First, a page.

“Nay but, O man, who art thou that repliest against God? Shall the thing formed say to him that formed it, Why hast thou made me thus? Hath not the potter power over the clay, of the same lump to make one vessel unto honour, and another unto dishonour?” (Romans 9:20–21, KJV 1900)
I have always been intrigued by those who made clay vessels. They would put a raw lump of clay on a potter’s wheel and then with their hands and some water, shape the clay into a vessel. Some are masterful at this, making the most beautiful pots. The closest I ever came was to make an ashtray that looked, well, like an ashtray. The point is that the potter who uses this process is the sole executor of the finished product. Paul continues with the topic of God’s sovereignty using the metaphor of a potter.
In the previous verses, Paul indicated that God “has mercy on whoever he wills, and he hardens whomever he wills.” (Romans 9:18, ESV) Reading this, people often ask questions. If this is the case, why does God still hold man accountable? How can this be? I know of people who even go on to say that this is wrong. To this, Paul writes, who are you to contradict God? (v19) Exactly! Who are we to contradict the will of God? He alone is sovereign. If we reply against God, we are replying against the word clearly presented in the Scripture. Conversely, if we reply against the clear teaching of Scripture, we reply against God.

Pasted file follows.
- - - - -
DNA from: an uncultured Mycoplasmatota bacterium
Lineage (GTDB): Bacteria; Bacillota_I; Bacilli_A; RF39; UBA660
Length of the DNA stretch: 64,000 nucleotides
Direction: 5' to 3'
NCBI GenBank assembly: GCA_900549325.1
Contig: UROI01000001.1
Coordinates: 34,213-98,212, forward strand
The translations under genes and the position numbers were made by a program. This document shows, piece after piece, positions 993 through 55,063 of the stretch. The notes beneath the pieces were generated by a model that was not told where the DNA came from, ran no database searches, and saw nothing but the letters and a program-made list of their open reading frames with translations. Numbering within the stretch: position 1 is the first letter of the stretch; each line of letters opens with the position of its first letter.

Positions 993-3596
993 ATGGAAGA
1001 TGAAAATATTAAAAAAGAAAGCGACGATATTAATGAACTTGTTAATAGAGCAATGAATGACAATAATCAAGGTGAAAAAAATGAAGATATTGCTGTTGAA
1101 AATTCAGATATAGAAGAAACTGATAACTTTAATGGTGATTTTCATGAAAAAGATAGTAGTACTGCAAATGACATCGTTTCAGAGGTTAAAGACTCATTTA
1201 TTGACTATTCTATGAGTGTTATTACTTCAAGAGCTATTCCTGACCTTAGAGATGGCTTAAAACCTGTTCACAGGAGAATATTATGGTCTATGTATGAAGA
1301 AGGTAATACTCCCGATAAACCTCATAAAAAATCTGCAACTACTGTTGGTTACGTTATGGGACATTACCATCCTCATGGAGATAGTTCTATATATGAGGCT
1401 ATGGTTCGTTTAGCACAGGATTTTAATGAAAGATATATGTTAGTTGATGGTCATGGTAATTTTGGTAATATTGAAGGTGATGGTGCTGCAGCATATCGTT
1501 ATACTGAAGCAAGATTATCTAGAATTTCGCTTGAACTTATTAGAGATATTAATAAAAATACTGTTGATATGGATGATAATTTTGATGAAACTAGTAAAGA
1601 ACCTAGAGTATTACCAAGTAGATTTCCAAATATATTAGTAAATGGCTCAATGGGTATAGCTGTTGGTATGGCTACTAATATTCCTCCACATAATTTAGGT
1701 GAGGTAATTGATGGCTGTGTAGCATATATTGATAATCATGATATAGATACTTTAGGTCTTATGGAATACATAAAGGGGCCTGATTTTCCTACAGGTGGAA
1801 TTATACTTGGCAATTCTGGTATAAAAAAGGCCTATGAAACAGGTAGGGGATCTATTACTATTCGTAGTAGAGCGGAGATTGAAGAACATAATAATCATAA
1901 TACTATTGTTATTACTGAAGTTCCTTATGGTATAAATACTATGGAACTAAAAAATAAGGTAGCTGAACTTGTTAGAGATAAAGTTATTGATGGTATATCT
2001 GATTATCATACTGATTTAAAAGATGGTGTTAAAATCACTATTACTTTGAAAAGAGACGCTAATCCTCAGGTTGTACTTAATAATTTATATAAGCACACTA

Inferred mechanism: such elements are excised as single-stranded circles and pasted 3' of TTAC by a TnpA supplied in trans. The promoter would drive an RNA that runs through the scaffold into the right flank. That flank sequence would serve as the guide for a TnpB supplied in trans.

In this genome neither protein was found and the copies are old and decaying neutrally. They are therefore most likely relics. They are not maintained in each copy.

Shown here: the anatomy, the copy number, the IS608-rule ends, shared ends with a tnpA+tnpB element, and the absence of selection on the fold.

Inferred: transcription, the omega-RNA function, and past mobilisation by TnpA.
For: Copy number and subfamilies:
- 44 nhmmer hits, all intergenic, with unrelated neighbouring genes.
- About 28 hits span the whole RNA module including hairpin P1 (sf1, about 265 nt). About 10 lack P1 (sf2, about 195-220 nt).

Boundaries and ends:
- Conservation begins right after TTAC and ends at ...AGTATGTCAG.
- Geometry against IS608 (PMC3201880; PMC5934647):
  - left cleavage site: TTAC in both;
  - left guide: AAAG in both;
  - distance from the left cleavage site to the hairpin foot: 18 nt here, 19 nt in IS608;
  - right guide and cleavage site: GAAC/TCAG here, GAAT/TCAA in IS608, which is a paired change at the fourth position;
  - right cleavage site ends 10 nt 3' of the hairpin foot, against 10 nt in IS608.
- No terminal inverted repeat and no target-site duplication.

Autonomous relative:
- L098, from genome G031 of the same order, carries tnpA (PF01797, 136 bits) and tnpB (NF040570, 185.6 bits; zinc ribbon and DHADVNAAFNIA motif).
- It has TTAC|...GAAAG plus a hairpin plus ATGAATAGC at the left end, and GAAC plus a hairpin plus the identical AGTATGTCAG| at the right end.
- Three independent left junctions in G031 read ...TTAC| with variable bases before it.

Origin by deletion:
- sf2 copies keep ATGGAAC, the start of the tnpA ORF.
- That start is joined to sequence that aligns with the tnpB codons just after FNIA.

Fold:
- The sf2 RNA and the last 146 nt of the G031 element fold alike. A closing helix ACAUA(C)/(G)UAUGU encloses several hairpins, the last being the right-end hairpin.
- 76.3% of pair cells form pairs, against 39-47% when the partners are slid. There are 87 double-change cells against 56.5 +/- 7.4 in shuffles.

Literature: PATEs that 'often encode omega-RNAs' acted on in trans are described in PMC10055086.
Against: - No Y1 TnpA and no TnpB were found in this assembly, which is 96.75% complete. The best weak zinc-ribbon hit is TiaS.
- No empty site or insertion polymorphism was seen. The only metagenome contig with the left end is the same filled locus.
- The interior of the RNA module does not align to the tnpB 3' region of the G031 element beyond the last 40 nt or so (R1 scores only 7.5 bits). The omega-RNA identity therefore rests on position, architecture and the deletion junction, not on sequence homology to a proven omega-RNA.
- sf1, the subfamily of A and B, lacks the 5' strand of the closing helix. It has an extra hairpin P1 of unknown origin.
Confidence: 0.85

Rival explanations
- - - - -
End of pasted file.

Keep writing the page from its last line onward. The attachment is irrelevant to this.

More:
We must learn the lesson of the potter. The clay never tells the potter, why did you make me this kind of pot. It is the potter who makes this determination. Some pots are made for noble purposes, to hold precious treasure and others to hold refuse. The potter may make some to hold the most fragrant perfume, or precious gold, while making others to hold garbage. The determination is at the sole discretion of the potter, not the vessel.
Scripture tells us that we who believe are jars of clay, crafted to hold all the precious treasure of the faith. (2 Cor 4:7) We are vessels for honorable use. Conversely, there are others for dishonorable use (v21). We must remember that God is the Master Potter and He has sole determination as to how He will mold us.